200-400w wooden fired Stirling engine?

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200-400w wooden fired Stirling engine?

Postby skands » Sun Oct 04, 2009 7:49 am

For my cabin up in the mountains, I'm thinking of building a Stirling
engine to help charging my battery pack. I also have a solar panel,
and I'm hoping to reduce the need for my combustion generator, which
is (apart from being very effective), noisy polluting and a bit
costly.. besides the fuel needs regular transportation from some gas
station, and it smells etc..

I also use my cabin in the winter, and it is not that much to get from
the sun if I stay more than a few days (draining my battery pack).
But, I have two wood stoves running all day, and outside my walls it's
freezing cold! I need about 300-400 watt in average (daytime when I'm
firing). So if I can get 200w out of each one, i will be happy (as I'm
also planning for a 200w Savonius wind generator).
I need power for my electronic gadgets (laptop, phone, weather station
etc.). I often do some of my working up there (in total concentration
and peace :)

So my plan is to take advantage of heat pipes to bring heating and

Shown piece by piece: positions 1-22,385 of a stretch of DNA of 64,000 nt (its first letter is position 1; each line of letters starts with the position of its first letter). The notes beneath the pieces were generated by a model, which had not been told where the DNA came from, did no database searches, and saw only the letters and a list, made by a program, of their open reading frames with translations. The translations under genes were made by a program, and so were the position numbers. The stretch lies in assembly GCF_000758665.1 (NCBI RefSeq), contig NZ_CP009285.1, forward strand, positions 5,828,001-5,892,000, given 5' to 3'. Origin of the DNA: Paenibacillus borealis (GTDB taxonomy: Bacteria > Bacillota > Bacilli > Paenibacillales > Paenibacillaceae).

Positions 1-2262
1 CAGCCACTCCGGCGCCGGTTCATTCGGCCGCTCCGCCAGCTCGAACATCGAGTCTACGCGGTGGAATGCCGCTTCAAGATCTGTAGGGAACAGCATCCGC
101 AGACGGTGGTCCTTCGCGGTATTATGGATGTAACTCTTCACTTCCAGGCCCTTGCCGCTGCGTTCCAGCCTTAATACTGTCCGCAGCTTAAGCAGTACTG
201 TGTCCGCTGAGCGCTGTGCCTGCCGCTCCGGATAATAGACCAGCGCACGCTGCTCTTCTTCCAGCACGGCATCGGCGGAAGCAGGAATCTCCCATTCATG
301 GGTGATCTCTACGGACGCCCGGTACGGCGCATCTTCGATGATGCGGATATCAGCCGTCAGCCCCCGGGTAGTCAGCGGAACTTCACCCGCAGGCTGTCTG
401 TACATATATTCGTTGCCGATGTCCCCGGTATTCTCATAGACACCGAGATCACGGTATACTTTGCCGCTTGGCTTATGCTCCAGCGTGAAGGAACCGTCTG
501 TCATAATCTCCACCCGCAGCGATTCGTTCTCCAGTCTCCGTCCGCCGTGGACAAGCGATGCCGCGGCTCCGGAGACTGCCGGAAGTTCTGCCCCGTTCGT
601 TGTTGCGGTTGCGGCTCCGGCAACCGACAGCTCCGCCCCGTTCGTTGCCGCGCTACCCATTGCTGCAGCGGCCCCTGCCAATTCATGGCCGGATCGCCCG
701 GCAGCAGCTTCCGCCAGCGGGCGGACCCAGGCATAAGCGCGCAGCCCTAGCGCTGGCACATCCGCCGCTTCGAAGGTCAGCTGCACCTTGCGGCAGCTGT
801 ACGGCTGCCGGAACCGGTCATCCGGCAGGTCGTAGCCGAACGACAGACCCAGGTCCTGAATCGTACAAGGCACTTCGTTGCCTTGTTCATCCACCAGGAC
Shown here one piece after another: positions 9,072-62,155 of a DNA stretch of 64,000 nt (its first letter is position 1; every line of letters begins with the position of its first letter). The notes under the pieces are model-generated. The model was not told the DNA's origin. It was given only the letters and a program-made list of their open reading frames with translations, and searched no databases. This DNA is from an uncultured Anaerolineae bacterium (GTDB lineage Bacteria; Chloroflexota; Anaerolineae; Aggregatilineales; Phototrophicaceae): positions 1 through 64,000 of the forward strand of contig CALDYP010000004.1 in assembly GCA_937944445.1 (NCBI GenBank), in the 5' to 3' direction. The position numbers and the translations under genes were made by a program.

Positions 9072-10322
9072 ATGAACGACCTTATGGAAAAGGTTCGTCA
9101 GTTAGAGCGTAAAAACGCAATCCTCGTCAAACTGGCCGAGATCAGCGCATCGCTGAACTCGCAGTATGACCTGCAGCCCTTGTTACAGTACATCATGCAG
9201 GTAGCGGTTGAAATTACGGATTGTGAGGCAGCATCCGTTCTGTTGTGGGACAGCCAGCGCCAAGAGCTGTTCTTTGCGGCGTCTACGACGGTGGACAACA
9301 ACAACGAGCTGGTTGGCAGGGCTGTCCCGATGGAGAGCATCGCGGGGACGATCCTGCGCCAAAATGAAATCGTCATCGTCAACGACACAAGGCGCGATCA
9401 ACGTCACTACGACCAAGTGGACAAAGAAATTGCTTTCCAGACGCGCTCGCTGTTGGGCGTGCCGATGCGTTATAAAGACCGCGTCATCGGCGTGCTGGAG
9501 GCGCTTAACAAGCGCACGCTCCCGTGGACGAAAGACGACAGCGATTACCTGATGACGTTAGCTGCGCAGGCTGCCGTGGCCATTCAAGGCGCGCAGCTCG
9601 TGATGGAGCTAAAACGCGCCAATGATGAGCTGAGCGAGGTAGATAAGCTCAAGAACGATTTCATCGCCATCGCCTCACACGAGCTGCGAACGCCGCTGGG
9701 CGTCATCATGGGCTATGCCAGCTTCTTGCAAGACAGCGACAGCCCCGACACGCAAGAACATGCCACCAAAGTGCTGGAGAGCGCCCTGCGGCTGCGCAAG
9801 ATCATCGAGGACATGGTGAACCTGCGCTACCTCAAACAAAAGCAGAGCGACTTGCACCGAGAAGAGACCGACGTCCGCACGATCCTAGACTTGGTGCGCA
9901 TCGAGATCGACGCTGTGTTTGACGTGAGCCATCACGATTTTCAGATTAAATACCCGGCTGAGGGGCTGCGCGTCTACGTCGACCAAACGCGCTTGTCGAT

cooling to the both ends of the engine. I will drill holes in the back
of my stoves, (near the bottom), and place heat pipes inside (on the
stove "floor" covered by some metal plate). The Stirling engine is
placed outside the cabin wall, above the stove floor (for gravity
assisting heat pipe fluid). Pipes runs thru wall, and is attached to
the hot Stirling engine end (bottom of engine). Top of engine (cold
end) is attached to a vertical heat pipe, heat sink radiator (alcohol
vaporizes). It is often -10 to -20 degree celcius in winter, and snow
will further assist the cooling!

I'm not sure though, if I can get as much as 200w out of each
generator attached to the engines..? If I can get 100w from each, I
will still get 80w more than from my solar panel at peak level.

Type of generator is another concern. If I make the Stirling engines
as powerful as possible, I might find a proper generator to fit my
needs and parameters..?

Or maybe a free piston type engine is ideal for this heat pipe/
Stirling engine project?

If I can melt snow for tap water with the heat pipe radiator, it will